Blake Nichol Dr. Susan Jones Composition II March 20, 2011 The Suicide of Ophelia Romanticized by modern females, downplayed by literary critics and somewhat overlooked by the general public, the character of Ophelia in “Hamlet, Prince of Denmark” offers the reader a tantalizing mystery – did Ophelia truly commit suicide? Bear in mind that in the deeply religious culture that was the basis for the inception of Hamlet, suicide was a mortal sin, bearing with it the consequence of eternal punishment and damnation, burial in unconsecrated ground and shame to be forever associated with the deceased.
Or, perhaps, was Ophelia’s death an accident, or a murder? While there is certainly room for conjecture centering on Ophelia’s murder or on accident, it was in fact, a suicide. Ophelia’s madness and suicide are the counterpoint to Hamlet’s feigned madness and accidental death. In addition, Ophelia’s death is yet another death caused indirectly by the lust for revenge that Hamlet has, as his words spurn her into madness and into the waters of her final resting place.
The causes of Ophelia’s suicide are several-fold. Firstly, Hamlet’s rejection of her is a terrible blow, not only because Ophelia cares for Hamlet, but because her position in society is tenuous at best. Her father has passed away, Laertes is absent, and she is essentially at the mercy of the King for her basic human needs. Add to this pressure the religious views on female propriety, and in her own mind, Ophelia feels as though she only has a few options.
A couple options she has are to enroll herself in a nunnery as Hamlet so callously suggests prior to her descent into madness, or to marry, which Hamlet summarily rejects in his conversation with her. The unspoken choice that remains to Ophelia is death, which, of course, does carry the stigma of eternal damnation. However, Ophelia is driven mad by her situation and is undoubtedly not in a position to truly contemplate the consequences of her actions by the time of her suicide.
Hamlet’s rejection of Ophelia is an obvious blow. In Act Three, Scene One, Hamlet tells Ophelia repeatedly to “get thee to a nunnery” (Shakespeare). At this point in the play, Hamlet is angry, and perhaps his treatment of Ophelia is not directly related to her, but more related to women in general or his mother, whom he feels betrayed his father by marrying Claudius so quickly. Gertrude, Hamlet’s mother, married Claudius, Hamlet’s Uncle, shortly after Hamlet’s father was murdered by Claudius, which Hamlet is trying to prove.
His mother’s part in the murder of Old King Hamlet is unclear; however, her betrayal of Old King Hamlet in young Hamlet’s eyes is no less than murder as she wed the man responsible for the king’s death. Thus, when Hamlet lashes out at Ophelia, he does not mean to cause her the anguish that his words give rise to, as his remorse in later scenes is evident. However, intentionally wounding Ophelia or not, his words have an obvious effect on her. In a rather callous and misogynistic fashion, Hamlet tells Ophelia that he “loved her once”, then immediately tells her that she should not have believed him, “I loved you not” (Shakespeare).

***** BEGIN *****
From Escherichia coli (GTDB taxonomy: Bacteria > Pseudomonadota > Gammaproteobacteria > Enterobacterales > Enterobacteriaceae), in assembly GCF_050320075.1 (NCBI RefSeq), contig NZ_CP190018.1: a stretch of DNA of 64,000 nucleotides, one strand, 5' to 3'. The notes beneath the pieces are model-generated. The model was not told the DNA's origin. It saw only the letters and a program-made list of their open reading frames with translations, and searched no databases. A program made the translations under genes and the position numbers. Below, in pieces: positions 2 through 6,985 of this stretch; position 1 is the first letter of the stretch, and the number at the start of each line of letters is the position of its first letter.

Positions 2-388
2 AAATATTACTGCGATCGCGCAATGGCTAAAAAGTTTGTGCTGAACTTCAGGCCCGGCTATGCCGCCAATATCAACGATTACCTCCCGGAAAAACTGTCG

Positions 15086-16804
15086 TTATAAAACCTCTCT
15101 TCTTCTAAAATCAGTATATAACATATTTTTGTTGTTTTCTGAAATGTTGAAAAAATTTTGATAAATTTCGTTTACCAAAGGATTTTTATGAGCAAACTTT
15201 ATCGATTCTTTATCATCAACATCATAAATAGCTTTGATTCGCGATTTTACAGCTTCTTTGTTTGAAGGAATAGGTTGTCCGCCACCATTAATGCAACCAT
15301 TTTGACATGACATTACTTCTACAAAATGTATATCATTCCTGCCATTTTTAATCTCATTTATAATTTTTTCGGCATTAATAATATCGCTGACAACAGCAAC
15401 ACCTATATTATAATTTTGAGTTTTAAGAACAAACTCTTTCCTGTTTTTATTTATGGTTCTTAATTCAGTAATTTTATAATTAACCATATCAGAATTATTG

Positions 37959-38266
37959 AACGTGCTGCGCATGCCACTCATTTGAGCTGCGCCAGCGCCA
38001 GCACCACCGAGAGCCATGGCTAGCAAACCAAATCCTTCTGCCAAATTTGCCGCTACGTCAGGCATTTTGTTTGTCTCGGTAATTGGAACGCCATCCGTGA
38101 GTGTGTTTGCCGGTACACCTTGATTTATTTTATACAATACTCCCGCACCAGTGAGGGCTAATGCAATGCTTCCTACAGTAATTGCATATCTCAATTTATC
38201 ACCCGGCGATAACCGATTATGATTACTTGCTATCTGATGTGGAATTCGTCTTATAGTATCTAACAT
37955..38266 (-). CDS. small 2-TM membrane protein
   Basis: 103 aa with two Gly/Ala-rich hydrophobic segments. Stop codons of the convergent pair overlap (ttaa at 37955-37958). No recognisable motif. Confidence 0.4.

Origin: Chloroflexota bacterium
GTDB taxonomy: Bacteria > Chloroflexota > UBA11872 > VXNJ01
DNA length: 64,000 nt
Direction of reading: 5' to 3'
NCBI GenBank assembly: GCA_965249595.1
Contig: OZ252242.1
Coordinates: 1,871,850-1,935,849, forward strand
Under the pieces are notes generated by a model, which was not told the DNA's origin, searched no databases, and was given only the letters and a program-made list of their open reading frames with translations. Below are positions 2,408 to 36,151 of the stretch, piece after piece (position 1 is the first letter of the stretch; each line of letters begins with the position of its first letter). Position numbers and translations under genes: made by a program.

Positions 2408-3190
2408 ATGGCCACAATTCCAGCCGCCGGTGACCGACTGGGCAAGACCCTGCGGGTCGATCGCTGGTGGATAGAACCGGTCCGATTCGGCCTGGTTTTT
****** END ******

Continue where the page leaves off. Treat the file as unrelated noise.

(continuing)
Hamlet continues to harangue Ophelia, telling her as well that “wise men know well enough what monsters you make of them” (Shakespeare, 3. 1), which means that women are responsible for the sins of men, creating monsters out of them, (specifically referring to his mother, as Hamlet believes that Gertrude’s lustfulness may be what caused Claudius to murder Old King Hamlet). Hamlet’s apparent cruelty, however, may be tempered somewhat as he tells Ophelia that men are all “arrant knaves” (Shakespeare) as well, and she should believe none of them.
For Ophelia, however, the advice that Hamlet throws into his diatribe on women is not enough to temper the blow. Hamlet, in this scene, has heaped guilt upon Ophelia, blaming women for the follies of men, destroyed her hope for a marriage to him or any kind of relationship, and even rejected any notion that he might have once loved her. For a young woman, this is a difficult revelation to assimilate, and Ophelia does not succeed in overcoming these heartaches. This blow to her self esteem proves fatal. Hamlet’s relation to the maternal has often turned on a psychology complete with Freudian repressed infantile fantasies and adult son’s fears and revulsion of complex female relationships and interactions” (Kumamoto 4). This insight into Hamlet’s behavior, and how deeply seated (yet, possibly unconscious) his revulsion of Ophelia’s desires may have been makes it easier for the reader to understand how his almost intuitive reaction to Ophelia is what, in turn, provokes her madness and thereby, her death.